On April 18, 2013, the three center directors (see below) of ENHP's Institute for Translational Research conducted a focus group research session with administrators, teachers and staff from the seven neighborhood schools in the Hartford Public Schools (HPS) system. The purpose of the focus group was to discuss the health issues that these educators believe affect student learning at their schools and identify the strategies that each school is using to address these health issues. HPS administrators and Achieve Hartford! staff were also present to facilitate the discussion. The conversation was animated and enthusiastic. The educators present spoke thoughtfully and passionately about substantial problems—poverty, hunger, domestic violence, mental health issues, language barriers, transient living situations—that impact student learning. However, at each neighborhood school, it became obvious that faculty and staff are empowered to address these health issues with innovative resources. For example, social support groups for parents, health and wellness seminars, food banks, community gardens and extensive after-school programming are among the many strategies that community schools in Hartford use to meet the needs of students and families. It was empowering and humbling to hear the energy and time educators dedicate to making their school a hub that offers far more than just an education.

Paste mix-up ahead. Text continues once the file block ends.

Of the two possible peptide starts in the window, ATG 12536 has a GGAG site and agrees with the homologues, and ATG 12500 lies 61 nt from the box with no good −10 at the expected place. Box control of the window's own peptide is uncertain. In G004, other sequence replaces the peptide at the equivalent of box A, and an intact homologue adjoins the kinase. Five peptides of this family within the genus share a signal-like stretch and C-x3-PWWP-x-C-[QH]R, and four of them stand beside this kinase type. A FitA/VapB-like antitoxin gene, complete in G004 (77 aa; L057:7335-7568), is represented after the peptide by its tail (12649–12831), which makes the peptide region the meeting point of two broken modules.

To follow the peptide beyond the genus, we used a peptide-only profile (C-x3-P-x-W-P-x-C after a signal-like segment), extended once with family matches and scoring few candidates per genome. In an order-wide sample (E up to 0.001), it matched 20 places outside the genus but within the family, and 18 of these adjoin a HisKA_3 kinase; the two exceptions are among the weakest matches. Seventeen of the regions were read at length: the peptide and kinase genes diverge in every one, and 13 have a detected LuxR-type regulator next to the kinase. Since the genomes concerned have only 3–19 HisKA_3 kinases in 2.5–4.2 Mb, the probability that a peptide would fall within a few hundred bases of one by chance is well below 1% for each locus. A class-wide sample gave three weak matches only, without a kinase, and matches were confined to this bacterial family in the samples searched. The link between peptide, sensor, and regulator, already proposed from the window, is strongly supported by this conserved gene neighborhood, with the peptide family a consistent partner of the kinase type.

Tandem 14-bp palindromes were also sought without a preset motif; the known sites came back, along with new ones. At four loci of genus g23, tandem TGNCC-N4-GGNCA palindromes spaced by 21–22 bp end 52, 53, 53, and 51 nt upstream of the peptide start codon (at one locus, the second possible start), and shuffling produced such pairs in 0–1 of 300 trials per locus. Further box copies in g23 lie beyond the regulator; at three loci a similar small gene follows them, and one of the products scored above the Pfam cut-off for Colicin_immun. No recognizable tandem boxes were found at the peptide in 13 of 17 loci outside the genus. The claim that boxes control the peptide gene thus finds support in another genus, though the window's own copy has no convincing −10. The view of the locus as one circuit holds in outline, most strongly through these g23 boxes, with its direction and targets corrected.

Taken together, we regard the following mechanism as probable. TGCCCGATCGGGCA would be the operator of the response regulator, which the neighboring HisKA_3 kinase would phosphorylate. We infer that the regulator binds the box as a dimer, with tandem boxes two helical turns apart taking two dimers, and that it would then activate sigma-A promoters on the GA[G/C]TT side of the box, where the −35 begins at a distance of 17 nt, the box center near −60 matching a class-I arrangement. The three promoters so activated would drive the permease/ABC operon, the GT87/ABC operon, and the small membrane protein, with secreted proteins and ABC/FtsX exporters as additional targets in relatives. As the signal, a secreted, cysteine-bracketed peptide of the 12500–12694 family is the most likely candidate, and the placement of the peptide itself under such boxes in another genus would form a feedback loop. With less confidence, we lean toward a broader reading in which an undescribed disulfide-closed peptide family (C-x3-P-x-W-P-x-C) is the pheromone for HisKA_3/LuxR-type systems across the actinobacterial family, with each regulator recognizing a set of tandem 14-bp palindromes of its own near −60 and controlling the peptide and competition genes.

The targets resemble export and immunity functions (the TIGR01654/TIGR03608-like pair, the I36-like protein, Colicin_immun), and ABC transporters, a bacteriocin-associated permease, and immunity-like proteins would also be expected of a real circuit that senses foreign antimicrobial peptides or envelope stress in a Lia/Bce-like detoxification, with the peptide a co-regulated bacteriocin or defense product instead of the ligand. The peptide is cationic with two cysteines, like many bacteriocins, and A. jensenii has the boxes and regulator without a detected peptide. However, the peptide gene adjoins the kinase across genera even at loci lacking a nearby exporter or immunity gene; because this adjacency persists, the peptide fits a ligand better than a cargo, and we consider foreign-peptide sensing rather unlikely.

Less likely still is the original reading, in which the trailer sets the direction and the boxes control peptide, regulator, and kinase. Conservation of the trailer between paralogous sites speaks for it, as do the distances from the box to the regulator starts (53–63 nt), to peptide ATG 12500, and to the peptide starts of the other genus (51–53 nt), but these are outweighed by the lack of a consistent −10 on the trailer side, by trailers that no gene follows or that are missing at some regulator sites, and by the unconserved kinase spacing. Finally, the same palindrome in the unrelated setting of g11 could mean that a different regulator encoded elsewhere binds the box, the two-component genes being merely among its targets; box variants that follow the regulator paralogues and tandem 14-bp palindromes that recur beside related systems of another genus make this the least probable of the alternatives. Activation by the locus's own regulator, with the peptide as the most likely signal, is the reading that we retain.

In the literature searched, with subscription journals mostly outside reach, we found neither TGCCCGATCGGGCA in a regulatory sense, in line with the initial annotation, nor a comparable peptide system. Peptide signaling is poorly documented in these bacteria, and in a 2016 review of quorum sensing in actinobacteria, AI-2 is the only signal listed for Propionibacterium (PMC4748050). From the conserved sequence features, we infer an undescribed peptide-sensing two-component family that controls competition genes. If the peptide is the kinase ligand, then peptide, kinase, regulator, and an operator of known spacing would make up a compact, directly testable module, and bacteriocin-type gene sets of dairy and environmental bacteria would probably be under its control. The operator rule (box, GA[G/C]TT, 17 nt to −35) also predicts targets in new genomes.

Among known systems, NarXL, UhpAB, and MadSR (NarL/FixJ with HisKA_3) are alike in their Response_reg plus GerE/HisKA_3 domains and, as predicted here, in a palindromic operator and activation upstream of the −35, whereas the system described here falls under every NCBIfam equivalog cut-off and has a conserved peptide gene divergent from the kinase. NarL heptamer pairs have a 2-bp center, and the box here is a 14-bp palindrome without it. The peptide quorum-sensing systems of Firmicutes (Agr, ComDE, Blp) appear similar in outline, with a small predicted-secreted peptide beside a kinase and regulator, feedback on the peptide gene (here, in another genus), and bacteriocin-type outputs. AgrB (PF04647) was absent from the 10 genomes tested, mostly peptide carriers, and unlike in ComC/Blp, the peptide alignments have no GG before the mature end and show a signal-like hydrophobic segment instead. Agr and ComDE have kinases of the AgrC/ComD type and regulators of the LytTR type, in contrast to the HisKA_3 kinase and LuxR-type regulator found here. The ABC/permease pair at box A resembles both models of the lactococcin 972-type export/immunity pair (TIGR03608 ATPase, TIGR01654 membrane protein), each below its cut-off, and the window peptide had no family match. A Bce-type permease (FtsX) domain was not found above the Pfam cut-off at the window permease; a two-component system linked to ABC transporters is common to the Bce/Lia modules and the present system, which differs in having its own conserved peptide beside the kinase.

At the end of the focus group session, educators were asked what research questions they would like to see answered with respect to the impact of health and wellness on learning. These questions will subsequently be used to shape research proposals collaboratively conducted between University of Hartford, HPS, and Achieve Hartford!. The ultimate goal is to better understand the multiple factors that impact academic achievement at neighborhood schools in Hartford and also better measure the effectiveness at current strategies being used to address these factors.
Beth Parker, Director, Center for Health, Education and Well-being
Suzi D'Annolfo, Center for Learning and Professional Education
Diana LaRocco, Center for Public Health and Education Policy
Institute for Translational Research